In general, produce is sorted according to established standards. Standards for many types of produce are established by the U.S. Department of Agriculture (USDA) and can be obtained at http://www.ams.usda.gov/standards. Standards can vary for produce from different areas. Oranges produced in Florida have somewhat different standards than oranges produced in California. Differences in grade standards are related to different growing conditions and climate which influences characteristics such as sugar and acid levels. The highest grades are generally represented by produce that is free of blemishes, cuts and bruises, and any decay.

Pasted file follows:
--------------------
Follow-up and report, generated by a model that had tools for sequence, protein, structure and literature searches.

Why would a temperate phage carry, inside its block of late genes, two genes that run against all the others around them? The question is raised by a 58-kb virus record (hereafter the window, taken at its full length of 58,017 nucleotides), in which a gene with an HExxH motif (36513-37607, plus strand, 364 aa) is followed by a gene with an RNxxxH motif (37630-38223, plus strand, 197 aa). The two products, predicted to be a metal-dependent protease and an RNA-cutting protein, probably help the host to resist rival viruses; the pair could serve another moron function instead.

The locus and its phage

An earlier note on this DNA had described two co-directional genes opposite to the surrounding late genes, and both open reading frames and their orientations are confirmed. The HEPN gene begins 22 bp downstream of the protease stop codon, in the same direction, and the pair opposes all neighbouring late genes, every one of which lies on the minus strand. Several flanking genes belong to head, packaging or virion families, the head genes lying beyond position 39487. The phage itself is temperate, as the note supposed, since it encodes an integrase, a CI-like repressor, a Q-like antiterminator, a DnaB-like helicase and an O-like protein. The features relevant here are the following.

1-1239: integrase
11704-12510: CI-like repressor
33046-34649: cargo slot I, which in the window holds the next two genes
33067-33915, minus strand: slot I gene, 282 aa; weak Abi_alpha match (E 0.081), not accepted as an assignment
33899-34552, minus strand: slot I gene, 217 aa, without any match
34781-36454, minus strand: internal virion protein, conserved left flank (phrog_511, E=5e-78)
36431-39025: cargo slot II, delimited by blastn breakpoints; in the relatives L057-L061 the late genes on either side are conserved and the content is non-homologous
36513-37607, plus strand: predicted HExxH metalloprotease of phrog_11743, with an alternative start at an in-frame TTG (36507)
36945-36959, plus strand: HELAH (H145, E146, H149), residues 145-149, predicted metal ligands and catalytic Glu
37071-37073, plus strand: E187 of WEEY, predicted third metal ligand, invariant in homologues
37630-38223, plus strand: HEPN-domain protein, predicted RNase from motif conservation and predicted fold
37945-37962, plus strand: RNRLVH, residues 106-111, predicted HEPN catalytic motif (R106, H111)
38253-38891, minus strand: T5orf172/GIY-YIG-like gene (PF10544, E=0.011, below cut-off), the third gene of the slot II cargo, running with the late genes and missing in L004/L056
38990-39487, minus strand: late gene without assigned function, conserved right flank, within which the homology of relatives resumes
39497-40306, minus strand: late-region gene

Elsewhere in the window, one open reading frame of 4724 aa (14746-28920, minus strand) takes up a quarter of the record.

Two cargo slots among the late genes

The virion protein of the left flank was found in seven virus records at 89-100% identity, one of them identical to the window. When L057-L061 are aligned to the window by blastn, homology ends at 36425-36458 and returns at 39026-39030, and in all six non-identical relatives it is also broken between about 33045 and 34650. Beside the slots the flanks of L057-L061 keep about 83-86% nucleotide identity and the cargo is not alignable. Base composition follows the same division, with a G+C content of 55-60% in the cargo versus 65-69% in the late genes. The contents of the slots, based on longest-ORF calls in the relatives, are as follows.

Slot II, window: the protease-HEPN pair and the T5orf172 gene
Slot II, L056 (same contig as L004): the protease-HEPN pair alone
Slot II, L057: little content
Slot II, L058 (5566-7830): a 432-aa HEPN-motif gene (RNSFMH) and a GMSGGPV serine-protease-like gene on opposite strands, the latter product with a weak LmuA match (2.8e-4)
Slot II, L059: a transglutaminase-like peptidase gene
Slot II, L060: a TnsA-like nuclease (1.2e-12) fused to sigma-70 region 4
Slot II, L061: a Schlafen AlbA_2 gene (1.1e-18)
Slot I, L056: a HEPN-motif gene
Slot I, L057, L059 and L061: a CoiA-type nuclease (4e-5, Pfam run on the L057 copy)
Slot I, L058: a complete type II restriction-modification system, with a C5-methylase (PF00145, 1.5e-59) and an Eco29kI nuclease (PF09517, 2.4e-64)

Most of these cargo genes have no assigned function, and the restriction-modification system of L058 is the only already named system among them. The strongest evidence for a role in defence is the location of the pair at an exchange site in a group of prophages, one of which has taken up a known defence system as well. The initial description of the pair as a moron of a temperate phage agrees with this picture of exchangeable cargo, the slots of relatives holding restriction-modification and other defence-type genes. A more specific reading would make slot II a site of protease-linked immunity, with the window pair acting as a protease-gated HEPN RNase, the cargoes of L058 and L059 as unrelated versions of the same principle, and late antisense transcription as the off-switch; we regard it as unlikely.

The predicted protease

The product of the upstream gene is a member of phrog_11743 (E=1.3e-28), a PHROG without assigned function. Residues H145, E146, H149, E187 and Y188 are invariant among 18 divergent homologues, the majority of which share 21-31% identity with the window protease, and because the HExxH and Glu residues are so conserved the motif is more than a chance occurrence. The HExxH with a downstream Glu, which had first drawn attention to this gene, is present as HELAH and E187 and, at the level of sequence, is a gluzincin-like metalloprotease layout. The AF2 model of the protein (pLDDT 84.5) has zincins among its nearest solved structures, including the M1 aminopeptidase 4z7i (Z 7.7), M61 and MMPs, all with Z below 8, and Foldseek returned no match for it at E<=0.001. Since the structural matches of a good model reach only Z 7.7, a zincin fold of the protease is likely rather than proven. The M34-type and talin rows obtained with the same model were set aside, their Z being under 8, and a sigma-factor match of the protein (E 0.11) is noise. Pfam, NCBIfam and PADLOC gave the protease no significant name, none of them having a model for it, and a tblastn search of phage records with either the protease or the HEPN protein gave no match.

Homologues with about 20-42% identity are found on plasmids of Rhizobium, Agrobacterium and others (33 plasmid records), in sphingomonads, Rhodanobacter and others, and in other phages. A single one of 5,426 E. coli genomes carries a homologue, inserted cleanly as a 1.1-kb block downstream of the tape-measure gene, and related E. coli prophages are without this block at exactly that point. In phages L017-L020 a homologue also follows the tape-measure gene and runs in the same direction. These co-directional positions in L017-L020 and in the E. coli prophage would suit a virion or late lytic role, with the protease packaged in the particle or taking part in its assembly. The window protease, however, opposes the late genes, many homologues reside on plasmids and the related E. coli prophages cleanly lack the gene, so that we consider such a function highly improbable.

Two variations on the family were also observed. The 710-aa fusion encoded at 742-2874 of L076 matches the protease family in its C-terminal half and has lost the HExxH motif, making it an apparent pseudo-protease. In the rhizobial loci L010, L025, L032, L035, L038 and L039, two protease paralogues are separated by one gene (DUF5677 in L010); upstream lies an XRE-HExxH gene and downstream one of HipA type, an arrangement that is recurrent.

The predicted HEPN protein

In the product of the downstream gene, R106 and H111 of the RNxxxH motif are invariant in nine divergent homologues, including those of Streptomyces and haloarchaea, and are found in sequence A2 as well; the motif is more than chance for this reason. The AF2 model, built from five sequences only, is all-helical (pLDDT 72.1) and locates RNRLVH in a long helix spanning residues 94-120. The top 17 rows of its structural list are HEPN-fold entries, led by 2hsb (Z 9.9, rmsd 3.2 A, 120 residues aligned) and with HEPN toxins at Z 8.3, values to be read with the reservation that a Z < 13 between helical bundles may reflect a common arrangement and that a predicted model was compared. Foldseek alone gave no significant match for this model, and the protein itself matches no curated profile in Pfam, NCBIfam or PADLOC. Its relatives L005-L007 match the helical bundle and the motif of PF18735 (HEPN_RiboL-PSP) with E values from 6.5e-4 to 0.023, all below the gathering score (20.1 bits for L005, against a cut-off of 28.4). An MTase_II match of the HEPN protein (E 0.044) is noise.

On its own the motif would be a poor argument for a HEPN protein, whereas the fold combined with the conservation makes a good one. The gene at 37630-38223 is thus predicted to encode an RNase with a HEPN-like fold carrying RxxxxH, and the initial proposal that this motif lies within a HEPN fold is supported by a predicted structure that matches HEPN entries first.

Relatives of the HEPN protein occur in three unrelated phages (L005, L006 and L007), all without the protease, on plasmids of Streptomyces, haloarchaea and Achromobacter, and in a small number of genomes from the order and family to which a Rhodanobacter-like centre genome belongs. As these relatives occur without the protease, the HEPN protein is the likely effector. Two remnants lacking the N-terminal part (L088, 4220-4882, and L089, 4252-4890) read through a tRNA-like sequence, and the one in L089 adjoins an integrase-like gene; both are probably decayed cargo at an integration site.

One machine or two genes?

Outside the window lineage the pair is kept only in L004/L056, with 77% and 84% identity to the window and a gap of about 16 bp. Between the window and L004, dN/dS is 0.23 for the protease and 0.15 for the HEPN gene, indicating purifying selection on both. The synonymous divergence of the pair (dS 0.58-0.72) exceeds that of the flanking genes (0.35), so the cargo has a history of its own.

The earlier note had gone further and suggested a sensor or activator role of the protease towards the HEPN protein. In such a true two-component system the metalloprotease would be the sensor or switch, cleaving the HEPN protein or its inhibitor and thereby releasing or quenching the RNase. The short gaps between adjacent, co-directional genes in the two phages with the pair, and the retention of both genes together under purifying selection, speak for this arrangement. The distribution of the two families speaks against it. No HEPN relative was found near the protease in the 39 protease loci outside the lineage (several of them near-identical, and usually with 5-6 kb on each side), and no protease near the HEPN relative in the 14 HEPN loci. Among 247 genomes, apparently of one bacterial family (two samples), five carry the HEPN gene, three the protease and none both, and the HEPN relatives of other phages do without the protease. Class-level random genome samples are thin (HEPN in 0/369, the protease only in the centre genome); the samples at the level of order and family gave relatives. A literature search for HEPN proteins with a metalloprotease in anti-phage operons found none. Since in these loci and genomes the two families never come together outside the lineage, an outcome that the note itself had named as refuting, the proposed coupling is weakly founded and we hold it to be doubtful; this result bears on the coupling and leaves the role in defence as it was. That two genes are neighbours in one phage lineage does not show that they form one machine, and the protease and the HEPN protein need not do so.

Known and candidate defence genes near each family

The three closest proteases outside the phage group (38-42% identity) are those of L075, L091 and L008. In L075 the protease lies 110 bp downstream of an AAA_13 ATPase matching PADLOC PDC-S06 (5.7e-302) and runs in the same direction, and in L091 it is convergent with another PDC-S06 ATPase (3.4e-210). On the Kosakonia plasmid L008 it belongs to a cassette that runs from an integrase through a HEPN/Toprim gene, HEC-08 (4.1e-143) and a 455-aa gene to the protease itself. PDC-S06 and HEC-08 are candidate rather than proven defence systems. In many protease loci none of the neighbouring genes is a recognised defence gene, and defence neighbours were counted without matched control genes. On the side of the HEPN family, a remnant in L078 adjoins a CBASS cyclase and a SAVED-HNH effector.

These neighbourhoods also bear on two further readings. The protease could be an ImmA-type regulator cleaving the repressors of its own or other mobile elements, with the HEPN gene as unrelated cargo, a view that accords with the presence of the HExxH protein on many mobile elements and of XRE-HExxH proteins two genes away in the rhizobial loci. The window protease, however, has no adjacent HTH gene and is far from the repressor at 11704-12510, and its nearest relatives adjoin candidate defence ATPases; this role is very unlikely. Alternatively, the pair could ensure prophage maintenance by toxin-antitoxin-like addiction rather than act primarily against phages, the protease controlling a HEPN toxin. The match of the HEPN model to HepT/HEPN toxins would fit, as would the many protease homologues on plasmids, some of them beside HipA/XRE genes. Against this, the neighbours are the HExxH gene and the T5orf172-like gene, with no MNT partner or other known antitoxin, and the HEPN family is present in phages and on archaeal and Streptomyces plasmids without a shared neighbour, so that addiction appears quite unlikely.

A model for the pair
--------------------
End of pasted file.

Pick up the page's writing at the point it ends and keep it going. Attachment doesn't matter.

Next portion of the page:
Numerous environmental and mechanical factors can influence product grade. Growing conditions and weather can dramatically affect produce quality. The consequences of environmental and mechanical factors for apples were examined by Baugher et al. . Economic losses due to various defects resulting from both environmental and mechanical factors were measured for apples at nine packinghouses. Severe drought and high temperatures caused a significant increase in losses due to undersized fruit, cork spot, and spray injury. Some types of defects, particularly bacterial soft rot of fresh fruits and vegetables, have been associated with an increased incidence of pathogen contamination. Wells and Butterfield found higher salmonella contamination (59%) in wash water from fruit and vegetables that were affected by bacterial soft rot . Wash water used for healthy produce had a lower incidence of salmonella contamination (33%). Other defects, such as undersized fruit, would appear to be primarily cosmetic and therefore of less importance in relation to spoilage or food safety. However, research suggests that lower quality produce, regardless of defect type, is more prone to spoilage. In a study on the effect of tomato grade on subsequent spoilage, it was determined that lower grade tomatoes inoculated with Erwinia carotovora subsp. carotova had higher levels of spoilage and infection after 14 days in storage than higher grade tomatoes . Although the tomatoes were inoculated with E. carotovora, 82.4% of the infection was due to Alternaria alternate, and only 17.6% was due to the bacterium. The bacterium did, however, increase decay in lower grade tomatoes to a greater extent than higher grade. This study suggested surface blemishes of any type promoted postharvest decay.
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